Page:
Tuesday, May 14, 2013
Here is something pretty incredible: in the upcoming film projects of Pixar Animation there is one called "Dia de Los Muertos". If you live in South Cal you certainly know that Dia de Los Muertos is related to a popular religious and cultural tradition in Mexico and Central America which also become more and more popular in the U.S.
BUT, because it was supposed to be the title of this new Pixar animated movie, Disney tried to trademark the words "Dia de Los Muertos". Disney filed not less than 10 requests in the U.S. Trademark and Patent Office this month to coin the phrase. Disney's filings were mainly for merchandise, presumably connected to an upcoming film. The areas Disney was hoping to secure included “education and entertainment services,” “fruit preserves; fruit-based snack foods,” “toys, games and playthings,” “clothing,” “footwear,” “backpacks,” “clocks and jewelry” and more.
A concept-art for the upcoming Pixar animated movie, at that time still called "Dia de Los Muertos".
Although that i can understand on a corporate point of view that they try to protect their movies titles, in this case it was a bloody bad idea and what had to happen happened: as soon as the news was known many reacted angrily on social media with some accusing Disney of trying to profit from a sacred Mexican tradition. A petition was launched on change.org which got more than 21000 signatures in a few days asking "Robert A. Iger, Chairman/CEO and the entire Board of Directors to stop the procedure seeking trademark applications and their attempt to secure ‘Dia de los Muertos’ across multiple areas". And a mexican cartoonist Lalo Alcaraz, even did the cartoon at the top of this article.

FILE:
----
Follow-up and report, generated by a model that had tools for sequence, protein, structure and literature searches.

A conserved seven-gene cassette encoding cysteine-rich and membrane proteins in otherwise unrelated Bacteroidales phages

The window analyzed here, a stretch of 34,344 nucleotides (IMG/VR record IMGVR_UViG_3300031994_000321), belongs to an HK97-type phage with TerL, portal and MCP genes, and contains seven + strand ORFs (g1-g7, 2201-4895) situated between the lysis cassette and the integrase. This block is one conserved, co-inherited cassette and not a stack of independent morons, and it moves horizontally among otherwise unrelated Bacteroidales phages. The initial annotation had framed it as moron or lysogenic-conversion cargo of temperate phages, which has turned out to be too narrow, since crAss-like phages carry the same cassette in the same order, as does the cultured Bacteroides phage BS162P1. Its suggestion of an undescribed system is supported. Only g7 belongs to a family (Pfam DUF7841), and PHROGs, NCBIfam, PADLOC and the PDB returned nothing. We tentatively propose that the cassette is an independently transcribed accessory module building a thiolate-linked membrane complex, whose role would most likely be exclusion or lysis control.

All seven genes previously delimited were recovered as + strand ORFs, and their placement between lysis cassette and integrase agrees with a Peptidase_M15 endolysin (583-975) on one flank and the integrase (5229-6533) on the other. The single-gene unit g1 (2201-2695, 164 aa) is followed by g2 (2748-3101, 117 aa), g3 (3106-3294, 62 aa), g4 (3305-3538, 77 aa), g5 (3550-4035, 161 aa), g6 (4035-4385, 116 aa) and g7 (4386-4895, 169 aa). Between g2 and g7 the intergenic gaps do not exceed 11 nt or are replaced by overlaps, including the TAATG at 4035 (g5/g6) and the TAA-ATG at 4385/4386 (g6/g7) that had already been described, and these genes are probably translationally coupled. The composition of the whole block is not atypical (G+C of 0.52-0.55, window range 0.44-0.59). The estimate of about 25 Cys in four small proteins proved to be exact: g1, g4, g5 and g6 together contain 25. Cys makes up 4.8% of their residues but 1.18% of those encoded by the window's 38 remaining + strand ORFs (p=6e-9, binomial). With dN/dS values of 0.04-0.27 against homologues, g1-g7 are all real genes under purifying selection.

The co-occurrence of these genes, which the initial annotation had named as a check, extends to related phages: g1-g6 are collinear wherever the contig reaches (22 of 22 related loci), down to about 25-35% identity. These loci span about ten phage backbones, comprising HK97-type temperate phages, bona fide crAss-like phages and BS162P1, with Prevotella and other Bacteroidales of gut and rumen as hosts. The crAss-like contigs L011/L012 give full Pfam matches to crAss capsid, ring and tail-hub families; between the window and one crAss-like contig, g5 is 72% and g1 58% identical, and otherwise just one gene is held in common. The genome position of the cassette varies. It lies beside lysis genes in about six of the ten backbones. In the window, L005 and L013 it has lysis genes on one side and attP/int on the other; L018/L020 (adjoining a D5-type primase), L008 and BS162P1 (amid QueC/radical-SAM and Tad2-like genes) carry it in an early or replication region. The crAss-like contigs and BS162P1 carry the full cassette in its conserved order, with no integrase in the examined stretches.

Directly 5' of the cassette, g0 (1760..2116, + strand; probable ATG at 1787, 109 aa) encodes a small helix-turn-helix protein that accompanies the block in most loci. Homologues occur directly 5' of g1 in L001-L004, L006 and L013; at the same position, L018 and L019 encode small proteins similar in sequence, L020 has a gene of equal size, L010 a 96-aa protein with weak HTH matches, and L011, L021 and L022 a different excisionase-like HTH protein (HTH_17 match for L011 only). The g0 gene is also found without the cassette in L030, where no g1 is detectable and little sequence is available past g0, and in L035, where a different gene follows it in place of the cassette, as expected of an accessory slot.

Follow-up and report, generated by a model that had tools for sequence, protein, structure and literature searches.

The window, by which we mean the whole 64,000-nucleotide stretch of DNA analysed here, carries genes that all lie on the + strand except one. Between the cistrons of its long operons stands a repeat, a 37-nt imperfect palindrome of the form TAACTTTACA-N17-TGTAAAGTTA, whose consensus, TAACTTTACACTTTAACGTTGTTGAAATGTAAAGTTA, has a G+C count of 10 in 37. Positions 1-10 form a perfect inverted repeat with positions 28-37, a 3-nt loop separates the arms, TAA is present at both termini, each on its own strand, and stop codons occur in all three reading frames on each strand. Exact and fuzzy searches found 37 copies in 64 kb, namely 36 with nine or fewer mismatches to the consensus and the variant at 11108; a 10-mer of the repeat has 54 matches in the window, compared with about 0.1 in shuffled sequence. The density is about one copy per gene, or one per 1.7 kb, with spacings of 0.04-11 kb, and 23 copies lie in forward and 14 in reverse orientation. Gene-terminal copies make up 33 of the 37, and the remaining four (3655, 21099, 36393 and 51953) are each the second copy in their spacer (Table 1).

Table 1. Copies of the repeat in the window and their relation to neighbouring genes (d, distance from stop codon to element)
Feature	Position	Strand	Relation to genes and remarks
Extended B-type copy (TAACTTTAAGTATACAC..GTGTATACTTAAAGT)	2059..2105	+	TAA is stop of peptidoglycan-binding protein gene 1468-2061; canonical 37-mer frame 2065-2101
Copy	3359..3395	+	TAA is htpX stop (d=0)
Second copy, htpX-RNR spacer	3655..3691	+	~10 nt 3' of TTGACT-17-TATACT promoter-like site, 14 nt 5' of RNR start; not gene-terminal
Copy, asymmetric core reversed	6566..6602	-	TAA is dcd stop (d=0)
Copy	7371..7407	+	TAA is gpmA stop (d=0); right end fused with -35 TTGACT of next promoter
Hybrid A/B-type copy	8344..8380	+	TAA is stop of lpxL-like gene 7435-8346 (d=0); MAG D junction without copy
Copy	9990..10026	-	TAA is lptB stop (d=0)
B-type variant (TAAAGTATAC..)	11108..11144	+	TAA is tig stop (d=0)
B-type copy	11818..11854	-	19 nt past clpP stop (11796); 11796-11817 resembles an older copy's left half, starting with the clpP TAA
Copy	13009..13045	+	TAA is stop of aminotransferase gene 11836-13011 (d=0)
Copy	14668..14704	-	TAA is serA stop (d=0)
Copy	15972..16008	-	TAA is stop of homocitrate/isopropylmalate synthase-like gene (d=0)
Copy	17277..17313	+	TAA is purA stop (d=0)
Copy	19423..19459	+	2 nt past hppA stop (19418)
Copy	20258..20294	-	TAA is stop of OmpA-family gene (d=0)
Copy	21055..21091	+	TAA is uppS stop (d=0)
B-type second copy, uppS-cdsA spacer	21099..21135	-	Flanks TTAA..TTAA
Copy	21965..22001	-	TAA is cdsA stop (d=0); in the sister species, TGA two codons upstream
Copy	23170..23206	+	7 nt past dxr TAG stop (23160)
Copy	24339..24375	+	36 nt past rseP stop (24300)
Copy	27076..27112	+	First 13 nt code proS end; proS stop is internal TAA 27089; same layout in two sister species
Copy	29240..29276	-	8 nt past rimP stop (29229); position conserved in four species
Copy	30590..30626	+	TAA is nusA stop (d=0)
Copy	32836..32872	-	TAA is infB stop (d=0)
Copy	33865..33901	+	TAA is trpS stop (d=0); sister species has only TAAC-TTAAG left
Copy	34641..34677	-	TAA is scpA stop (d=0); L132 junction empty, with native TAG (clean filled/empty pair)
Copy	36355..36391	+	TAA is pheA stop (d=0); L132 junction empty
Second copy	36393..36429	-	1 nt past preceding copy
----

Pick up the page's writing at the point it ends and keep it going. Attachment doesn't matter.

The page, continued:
In two words, this trademark filing became a big affair in just a few days and finally the mouse announced last week "that the company will be withdrawing its trademark filing". And that the Pixar animated movie will have a new title. Seriously, all this for that? They couldn't guess before filing that it was going to uproar the mexican community?
Picture: copyright Lalo Alcaraz